Sunday, November 23, 2008

VSU Update - Lawsuit Progresses

The news just gets worse for Valdosta State University and some current and former administrators. For those of you who came in late, I have covered this story for a while in several posts. I am in the process of consolidating them all into a post called "Our Story Thus Far" should you wish to catch up with the rest of us suffering VSU Alumni.

For the rest of you, here is the news that was press released Wednesday and so far ignored by the local news:

FIRE - Good News from Georgia: Federal District Court Issues Important First Order in Valdosta State Lawsuit

Text of the Ruling

This is a lot of reading so, as a service to my readers, I will lay it out for you in my best tabloid manner:

Zaccari, Other VSU Employees, Personally Liable in Suit

A Federal District Judge has ruled that a trial can go forward on five of seven counts in the lawsuit of Thomas Hayden Barnes vs Valdosta State University, the Board of Regents of the University System of Georgia, and several VSU administrators.

In his ruling, District Court Judge Charles A. Pannell, Jr., held that Former VSU President Ronald M. Zaccari, VSU In-House Counsel Lavern Gaskins, Vice-President of Student Affairs Kurt Keppler, Dean of Students Russ Mast, and Student Counselor Leah McMillan could be held individually liable for the violation of Barnes' constitutional rights under the First and Fourteenth Amendments.

Pannell also ruled that the State of Georgia could not be sued on the first two counts of Constitutional violations due to the immunity clause contained in the Eleventh Amendment and that there was insufficient reason given in the complaint to include Director of the VSU Counseling Center Victor Morgan in the suit.

The rulings were given as a result of a motion by the State to dismiss all charges and by a motion for partial summary judgment by Barnes. Defining what charges can and cannot go forward is a routine beginning of a civil lawsuit.

Barnes filed a lawsuit in January of this year in the Northern District of Georgia alleging that, among other things, his First Amendment Rights had been violated and his 14th Amendment rights to due process under the Constitution had been denied when he was expelled for protesting against the building of a parking garage at Valdosta State University.

Under the Civil Rights Act of 1871, civil suits can be brought against government officials who deprive citizens of their constitutional or statutory rights, privileges, or immunities. Barnes invoked this law to include VSU administrators in his complaint and the judge agreed Wednesday that all but one could be held personally liable.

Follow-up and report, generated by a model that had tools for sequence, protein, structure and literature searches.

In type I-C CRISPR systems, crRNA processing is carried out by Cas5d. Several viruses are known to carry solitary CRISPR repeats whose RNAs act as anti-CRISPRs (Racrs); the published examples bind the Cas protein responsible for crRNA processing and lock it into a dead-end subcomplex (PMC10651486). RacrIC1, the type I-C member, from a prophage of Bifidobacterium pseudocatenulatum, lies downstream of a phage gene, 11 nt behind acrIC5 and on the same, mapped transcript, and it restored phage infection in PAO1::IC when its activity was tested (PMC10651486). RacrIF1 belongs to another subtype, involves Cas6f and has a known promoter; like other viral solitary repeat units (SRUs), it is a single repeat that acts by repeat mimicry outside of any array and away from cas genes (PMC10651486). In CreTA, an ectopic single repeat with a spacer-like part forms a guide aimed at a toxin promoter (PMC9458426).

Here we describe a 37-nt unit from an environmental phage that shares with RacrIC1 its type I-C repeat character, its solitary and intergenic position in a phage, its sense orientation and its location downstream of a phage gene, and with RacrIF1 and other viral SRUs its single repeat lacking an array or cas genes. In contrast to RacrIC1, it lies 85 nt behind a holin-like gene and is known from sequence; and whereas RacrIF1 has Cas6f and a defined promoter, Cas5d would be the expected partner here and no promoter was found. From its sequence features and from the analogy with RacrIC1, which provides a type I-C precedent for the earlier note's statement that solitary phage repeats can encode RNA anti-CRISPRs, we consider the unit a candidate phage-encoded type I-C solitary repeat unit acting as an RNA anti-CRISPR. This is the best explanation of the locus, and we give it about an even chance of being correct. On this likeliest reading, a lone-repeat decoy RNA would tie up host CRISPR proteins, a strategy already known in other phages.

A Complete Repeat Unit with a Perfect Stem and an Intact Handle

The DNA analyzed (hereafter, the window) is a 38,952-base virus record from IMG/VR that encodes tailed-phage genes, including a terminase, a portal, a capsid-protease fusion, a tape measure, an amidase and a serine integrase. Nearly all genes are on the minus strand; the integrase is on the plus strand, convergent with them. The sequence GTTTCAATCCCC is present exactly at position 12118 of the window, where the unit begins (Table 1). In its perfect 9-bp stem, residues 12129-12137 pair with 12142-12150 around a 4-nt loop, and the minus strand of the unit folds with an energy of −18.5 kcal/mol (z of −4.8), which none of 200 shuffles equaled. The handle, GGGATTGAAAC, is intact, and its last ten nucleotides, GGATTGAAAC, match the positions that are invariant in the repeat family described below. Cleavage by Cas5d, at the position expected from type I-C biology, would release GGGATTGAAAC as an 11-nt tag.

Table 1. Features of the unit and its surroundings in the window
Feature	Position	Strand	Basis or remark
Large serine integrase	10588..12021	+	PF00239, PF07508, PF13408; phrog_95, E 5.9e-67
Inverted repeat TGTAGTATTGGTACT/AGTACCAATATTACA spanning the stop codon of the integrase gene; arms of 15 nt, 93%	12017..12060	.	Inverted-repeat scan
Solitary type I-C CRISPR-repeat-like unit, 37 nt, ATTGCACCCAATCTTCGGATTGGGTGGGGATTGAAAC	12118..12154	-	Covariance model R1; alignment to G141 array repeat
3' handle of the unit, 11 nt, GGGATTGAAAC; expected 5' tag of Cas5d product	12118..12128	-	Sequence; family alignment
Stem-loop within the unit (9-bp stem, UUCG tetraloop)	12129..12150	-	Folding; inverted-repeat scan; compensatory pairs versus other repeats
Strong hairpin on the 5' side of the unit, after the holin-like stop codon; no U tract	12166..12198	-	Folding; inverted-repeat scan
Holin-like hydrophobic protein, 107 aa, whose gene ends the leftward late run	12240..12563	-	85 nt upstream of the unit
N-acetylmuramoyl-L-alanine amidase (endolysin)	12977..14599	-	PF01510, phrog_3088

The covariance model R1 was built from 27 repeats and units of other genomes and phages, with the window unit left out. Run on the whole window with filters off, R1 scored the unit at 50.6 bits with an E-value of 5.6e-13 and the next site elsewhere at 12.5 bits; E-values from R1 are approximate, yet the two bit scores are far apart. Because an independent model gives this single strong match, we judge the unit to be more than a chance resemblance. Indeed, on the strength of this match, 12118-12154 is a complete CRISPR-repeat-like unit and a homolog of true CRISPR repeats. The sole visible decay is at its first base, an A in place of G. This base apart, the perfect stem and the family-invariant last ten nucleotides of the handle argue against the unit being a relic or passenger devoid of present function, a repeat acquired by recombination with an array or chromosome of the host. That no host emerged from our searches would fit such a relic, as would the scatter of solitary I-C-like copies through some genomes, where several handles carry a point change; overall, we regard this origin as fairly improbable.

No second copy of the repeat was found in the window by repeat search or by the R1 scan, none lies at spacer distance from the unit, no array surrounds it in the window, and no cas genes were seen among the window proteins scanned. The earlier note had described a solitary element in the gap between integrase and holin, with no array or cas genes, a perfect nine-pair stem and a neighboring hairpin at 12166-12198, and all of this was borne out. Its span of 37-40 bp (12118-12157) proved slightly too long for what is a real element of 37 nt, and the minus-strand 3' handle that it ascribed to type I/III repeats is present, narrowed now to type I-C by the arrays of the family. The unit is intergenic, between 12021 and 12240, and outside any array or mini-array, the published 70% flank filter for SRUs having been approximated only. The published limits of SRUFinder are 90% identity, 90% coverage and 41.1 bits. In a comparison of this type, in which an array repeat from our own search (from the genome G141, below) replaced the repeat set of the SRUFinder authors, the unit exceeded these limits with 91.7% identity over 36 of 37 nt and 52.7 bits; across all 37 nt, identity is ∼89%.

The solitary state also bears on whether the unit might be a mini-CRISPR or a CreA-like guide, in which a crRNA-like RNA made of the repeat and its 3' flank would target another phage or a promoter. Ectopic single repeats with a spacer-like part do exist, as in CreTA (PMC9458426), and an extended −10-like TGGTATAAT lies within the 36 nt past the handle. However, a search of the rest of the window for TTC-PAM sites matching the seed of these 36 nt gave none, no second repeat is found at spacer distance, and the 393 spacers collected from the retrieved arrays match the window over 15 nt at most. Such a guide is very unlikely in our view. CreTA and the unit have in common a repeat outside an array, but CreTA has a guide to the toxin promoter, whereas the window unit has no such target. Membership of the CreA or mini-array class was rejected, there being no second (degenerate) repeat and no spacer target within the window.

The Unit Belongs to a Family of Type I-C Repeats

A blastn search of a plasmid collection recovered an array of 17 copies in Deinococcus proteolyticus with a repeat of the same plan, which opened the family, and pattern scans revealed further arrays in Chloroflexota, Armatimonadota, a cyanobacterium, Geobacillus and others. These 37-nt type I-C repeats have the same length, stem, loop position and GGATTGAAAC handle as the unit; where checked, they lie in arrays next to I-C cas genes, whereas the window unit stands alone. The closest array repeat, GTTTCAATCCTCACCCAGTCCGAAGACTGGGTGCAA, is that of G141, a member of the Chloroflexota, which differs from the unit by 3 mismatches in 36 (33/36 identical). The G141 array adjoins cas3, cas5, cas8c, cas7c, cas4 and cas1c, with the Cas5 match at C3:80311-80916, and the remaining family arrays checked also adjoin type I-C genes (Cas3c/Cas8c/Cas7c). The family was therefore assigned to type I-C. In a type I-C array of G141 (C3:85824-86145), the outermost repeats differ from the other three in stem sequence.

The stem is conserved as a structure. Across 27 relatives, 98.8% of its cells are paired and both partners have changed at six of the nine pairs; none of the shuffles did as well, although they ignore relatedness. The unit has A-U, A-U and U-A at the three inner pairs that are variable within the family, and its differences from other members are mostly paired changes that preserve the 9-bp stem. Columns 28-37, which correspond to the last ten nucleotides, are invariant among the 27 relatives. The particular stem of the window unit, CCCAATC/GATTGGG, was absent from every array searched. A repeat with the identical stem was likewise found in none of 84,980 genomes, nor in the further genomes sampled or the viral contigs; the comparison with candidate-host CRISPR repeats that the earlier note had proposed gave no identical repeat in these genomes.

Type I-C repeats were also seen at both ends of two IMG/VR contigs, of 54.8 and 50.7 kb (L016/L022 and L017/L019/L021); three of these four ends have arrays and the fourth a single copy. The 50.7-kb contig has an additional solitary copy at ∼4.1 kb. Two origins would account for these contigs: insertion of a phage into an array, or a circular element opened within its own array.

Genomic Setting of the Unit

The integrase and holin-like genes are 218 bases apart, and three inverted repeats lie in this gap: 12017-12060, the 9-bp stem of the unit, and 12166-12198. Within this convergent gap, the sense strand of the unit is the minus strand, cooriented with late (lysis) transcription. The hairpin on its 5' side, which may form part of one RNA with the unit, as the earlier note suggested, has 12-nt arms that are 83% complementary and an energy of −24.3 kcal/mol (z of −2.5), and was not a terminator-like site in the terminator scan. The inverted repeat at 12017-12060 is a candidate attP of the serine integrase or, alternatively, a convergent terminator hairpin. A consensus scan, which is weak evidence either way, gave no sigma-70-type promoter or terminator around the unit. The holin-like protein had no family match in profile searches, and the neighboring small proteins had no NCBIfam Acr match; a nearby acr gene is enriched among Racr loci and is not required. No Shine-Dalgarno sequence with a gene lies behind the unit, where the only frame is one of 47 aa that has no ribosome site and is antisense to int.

The judge also upheld Barnes' right to sue VSU and the Board of Regents for violation of a binding contract by failing to observe policies outlined in VSU's student handbook.

The State and all but one University employee were ruled to be liable in the complaint that they violated the Americans with Disabilities Act and the Rehabilitation Act by using Barnes' visits to the university counseling center against him as the basis for intentional discrimination.

In the ruling, the judge noted that "President Zaccari initiated an effort, with the assistance of some of the named defendants in the complaint, to learn more about Barnes’ psychiatric health and to explore procedures for expelling Barnes as a student." Barnes' complaint is that this violated his rights to privacy and discriminated against him.

Of particular interest was the famous Facebook collage that was posted by Barnes and the phrase "S.A.V.E. Zaccari Memorial Parking Garage" that was given as one of the reasons that President Zaccari felt physically threatened by Barnes. In reference to this the judge noted:

"For purposes of the motion to dismiss, the court determines that the inclusion of the word “memorial” by its mere utterance in a photo collage that was posted on an Internet website simply cannot be rationally construed as likely to incite immediate violence"
Now that the Judge has ruled that the suit can go forward, VSU and the other defendants are required to make some response.

As of this writing (11/23/2008), no statement on this has been released by the State of Georgia or Valdosta State University and no other news story has been posted on it on the web.

If "personally liable" means what I think it means, then some individuals are going to have to get their own lawyer and start checking their homeowners policy for liability limits.

There are certainly other, better, scenarios such as the state deciding to pick up the tab or their friends establishing a legal fund to pay for lawyers. Certainly the State would be better off to remain in control of the lawsuit and not have to share time with a raft of personal lawyers.

The State could just offer Barnes money and leave everyone else to fend for themselves - ouch!

If the Guice household was involved in this, I'd be screaming uncle. I'd ask Barnes how long he'd like my sons to mow his lawn and hope he'd have pity on me.